13. House of Slaves: Gorée Island, Senegal


Photo courtesy of Robin Elaine

A beautiful location with a tragic history, the House of Slaves is a museum and memorial dedicated to the Atlantic slave trade. The 1776 home is located on Gorée Island and some believe it served as a major trading port for slaves captured from Africa. It's argued that up to 15 million people were filed through the “Door of No Return” and shipped off as slaves.

Those of you who live in Africa or have visited museums there, feel free to contribute your own favorite museums from the continent in the comments!

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iStock // Ekaterina Minaeva
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Man Buys Two Metric Tons of LEGO Bricks; Sorts Them Via Machine Learning
May 21, 2017
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iStock // Ekaterina Minaeva

Jacques Mattheij made a small, but awesome, mistake. He went on eBay one evening and bid on a bunch of bulk LEGO brick auctions, then went to sleep. Upon waking, he discovered that he was the high bidder on many, and was now the proud owner of two tons of LEGO bricks. (This is about 4400 pounds.) He wrote, "[L]esson 1: if you win almost all bids you are bidding too high."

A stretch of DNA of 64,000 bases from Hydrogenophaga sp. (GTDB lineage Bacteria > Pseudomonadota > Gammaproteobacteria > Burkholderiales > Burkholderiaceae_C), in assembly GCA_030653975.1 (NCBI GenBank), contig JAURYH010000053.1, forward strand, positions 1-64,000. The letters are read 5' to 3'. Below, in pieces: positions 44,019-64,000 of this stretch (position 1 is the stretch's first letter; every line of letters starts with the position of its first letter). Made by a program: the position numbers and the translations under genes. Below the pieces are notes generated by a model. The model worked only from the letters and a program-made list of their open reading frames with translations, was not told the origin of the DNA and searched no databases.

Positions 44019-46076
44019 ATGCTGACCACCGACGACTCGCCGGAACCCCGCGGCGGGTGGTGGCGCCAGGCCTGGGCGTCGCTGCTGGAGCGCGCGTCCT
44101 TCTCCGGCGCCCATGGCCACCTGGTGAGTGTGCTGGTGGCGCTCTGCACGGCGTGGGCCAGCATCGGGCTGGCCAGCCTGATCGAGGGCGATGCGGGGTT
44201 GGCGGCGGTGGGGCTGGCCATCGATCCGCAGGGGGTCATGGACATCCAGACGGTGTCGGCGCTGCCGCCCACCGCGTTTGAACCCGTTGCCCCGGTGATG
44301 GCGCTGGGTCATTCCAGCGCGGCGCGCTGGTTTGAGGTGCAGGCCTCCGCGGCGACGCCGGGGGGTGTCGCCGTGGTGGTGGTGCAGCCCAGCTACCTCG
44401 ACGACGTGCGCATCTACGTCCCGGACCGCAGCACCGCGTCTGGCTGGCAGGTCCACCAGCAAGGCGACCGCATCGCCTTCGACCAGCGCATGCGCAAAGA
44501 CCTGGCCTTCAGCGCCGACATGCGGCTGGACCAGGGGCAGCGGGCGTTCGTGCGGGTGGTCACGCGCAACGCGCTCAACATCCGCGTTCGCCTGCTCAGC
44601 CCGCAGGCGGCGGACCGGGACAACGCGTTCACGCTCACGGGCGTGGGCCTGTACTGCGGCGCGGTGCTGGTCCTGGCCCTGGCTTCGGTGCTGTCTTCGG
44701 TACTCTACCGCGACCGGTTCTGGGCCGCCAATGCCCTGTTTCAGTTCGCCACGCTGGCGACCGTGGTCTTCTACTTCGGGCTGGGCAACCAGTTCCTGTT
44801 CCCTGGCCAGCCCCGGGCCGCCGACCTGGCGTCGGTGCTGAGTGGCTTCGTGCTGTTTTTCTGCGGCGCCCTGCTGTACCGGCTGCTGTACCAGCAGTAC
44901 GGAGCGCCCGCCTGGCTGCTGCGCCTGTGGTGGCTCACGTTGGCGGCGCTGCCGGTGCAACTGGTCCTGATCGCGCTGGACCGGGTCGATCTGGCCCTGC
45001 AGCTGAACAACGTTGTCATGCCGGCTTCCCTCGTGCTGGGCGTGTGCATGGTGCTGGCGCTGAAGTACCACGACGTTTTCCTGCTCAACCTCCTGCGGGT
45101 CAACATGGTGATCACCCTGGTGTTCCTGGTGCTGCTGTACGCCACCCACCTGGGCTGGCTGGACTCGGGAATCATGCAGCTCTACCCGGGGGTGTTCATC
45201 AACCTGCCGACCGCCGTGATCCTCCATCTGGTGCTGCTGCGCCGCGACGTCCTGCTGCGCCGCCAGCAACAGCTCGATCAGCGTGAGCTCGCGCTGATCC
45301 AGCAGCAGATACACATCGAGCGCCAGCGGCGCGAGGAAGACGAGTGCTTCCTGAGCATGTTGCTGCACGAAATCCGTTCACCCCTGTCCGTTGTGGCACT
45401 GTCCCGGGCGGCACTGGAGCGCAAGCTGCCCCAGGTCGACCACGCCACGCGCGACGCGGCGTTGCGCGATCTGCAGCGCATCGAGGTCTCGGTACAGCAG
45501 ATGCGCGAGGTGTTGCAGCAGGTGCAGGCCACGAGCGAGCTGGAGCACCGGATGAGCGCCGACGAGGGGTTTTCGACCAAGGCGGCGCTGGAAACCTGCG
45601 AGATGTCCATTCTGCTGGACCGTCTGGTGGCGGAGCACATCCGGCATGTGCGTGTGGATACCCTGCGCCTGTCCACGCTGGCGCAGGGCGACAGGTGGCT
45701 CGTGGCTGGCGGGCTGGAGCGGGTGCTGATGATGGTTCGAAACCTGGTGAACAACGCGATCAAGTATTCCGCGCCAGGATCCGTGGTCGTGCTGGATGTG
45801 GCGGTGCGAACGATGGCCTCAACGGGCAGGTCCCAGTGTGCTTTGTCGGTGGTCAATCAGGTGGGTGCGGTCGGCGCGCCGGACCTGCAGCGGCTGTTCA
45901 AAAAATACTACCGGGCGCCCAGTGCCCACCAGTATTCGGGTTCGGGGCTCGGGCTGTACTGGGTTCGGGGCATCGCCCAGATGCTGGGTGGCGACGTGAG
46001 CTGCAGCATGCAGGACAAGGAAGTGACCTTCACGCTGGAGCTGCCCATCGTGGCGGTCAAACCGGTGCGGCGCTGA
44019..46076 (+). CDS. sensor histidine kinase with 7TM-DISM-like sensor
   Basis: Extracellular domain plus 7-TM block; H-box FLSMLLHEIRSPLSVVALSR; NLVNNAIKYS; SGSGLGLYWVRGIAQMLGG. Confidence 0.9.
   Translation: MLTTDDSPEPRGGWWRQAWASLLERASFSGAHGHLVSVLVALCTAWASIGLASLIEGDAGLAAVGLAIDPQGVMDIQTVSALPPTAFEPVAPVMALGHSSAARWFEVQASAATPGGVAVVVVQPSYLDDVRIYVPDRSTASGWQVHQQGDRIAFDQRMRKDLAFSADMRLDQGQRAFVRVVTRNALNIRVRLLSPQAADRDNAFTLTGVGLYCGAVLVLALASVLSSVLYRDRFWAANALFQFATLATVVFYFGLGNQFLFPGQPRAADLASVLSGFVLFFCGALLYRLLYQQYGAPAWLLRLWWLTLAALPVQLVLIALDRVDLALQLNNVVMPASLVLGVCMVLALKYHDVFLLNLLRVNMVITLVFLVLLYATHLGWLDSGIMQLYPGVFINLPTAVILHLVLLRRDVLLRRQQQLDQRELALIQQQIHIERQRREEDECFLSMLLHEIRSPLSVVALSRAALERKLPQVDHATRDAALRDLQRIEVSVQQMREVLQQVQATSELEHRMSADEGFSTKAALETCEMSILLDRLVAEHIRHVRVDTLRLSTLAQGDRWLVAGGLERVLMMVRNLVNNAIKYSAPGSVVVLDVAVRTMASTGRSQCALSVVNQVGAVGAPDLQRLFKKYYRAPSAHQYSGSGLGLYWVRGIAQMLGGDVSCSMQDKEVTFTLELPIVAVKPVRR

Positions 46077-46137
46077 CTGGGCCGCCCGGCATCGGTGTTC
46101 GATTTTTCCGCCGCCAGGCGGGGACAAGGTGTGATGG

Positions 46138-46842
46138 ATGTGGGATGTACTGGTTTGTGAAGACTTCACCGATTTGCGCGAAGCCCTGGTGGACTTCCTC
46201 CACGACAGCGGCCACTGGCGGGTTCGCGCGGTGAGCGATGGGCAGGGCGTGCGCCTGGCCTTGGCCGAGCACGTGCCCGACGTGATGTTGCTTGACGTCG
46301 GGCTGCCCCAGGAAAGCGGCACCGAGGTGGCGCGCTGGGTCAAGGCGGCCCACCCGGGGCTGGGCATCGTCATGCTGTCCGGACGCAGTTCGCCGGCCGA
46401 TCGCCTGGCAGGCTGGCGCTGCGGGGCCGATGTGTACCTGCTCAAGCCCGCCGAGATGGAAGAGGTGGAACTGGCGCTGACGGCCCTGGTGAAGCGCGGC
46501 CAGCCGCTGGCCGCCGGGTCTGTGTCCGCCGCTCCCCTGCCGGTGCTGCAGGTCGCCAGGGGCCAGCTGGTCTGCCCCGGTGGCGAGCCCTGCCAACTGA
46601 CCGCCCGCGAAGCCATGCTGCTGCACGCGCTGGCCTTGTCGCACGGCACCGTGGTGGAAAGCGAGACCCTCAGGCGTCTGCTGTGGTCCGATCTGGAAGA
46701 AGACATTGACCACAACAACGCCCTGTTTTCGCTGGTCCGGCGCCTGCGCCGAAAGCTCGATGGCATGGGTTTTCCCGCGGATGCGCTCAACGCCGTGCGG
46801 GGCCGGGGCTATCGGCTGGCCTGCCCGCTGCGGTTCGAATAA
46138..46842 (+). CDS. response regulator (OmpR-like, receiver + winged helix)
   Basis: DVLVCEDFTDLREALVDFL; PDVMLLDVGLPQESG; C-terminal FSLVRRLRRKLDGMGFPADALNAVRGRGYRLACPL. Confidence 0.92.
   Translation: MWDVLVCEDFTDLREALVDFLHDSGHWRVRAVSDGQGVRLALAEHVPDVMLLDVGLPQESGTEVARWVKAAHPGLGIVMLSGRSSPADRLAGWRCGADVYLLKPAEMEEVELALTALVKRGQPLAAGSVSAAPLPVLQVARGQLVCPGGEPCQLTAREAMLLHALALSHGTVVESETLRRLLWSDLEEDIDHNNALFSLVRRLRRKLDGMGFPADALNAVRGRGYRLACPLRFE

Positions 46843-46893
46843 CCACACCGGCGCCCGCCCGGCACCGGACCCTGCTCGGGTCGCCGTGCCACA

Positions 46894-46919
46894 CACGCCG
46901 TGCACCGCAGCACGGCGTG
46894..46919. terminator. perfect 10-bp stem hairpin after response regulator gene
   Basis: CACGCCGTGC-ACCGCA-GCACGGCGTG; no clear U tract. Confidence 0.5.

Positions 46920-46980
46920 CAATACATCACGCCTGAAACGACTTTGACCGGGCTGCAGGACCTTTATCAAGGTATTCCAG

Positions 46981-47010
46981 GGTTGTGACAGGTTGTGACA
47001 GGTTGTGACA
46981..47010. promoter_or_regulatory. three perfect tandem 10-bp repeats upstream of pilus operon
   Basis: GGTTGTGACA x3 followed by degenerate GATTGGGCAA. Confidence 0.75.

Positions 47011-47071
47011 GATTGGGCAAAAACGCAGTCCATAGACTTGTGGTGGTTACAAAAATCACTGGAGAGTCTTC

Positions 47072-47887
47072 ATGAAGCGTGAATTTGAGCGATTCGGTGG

Mattheij had noticed that bulk, unsorted bricks sell for something like €10/kilogram, whereas sets are roughly €40/kg and rare parts go for up to €100/kg. Much of the value of the bricks is in their sorting. If he could reduce the entropy of these bins of unsorted bricks, he could make a tidy profit. While many people do this work by hand, the problem is enormous—just the kind of challenge for a computer. Mattheij writes:

There are 38000+ shapes and there are 100+ possible shades of color (you can roughly tell how old someone is by asking them what lego colors they remember from their youth).

In the following months, Mattheij built a proof-of-concept sorting system using, of course, LEGO. He broke the problem down into a series of sub-problems (including "feeding LEGO reliably from a hopper is surprisingly hard," one of those facts of nature that will stymie even the best system design). After tinkering with the prototype at length, he expanded the system to a surprisingly complex system of conveyer belts (powered by a home treadmill), various pieces of cabinetry, and "copious quantities of crazy glue."

Here's a video showing the current system running at low speed:

The key part of the system was running the bricks past a camera paired with a computer running a neural net-based image classifier. That allows the computer (when sufficiently trained on brick images) to recognize bricks and thus categorize them by color, shape, or other parameters. Remember that as bricks pass by, they can be in any orientation, can be dirty, can even be stuck to other pieces. So having a flexible software system is key to recognizing—in a fraction of a second—what a given brick is, in order to sort it out. When a match is found, a jet of compressed air pops the piece off the conveyer belt and into a waiting bin.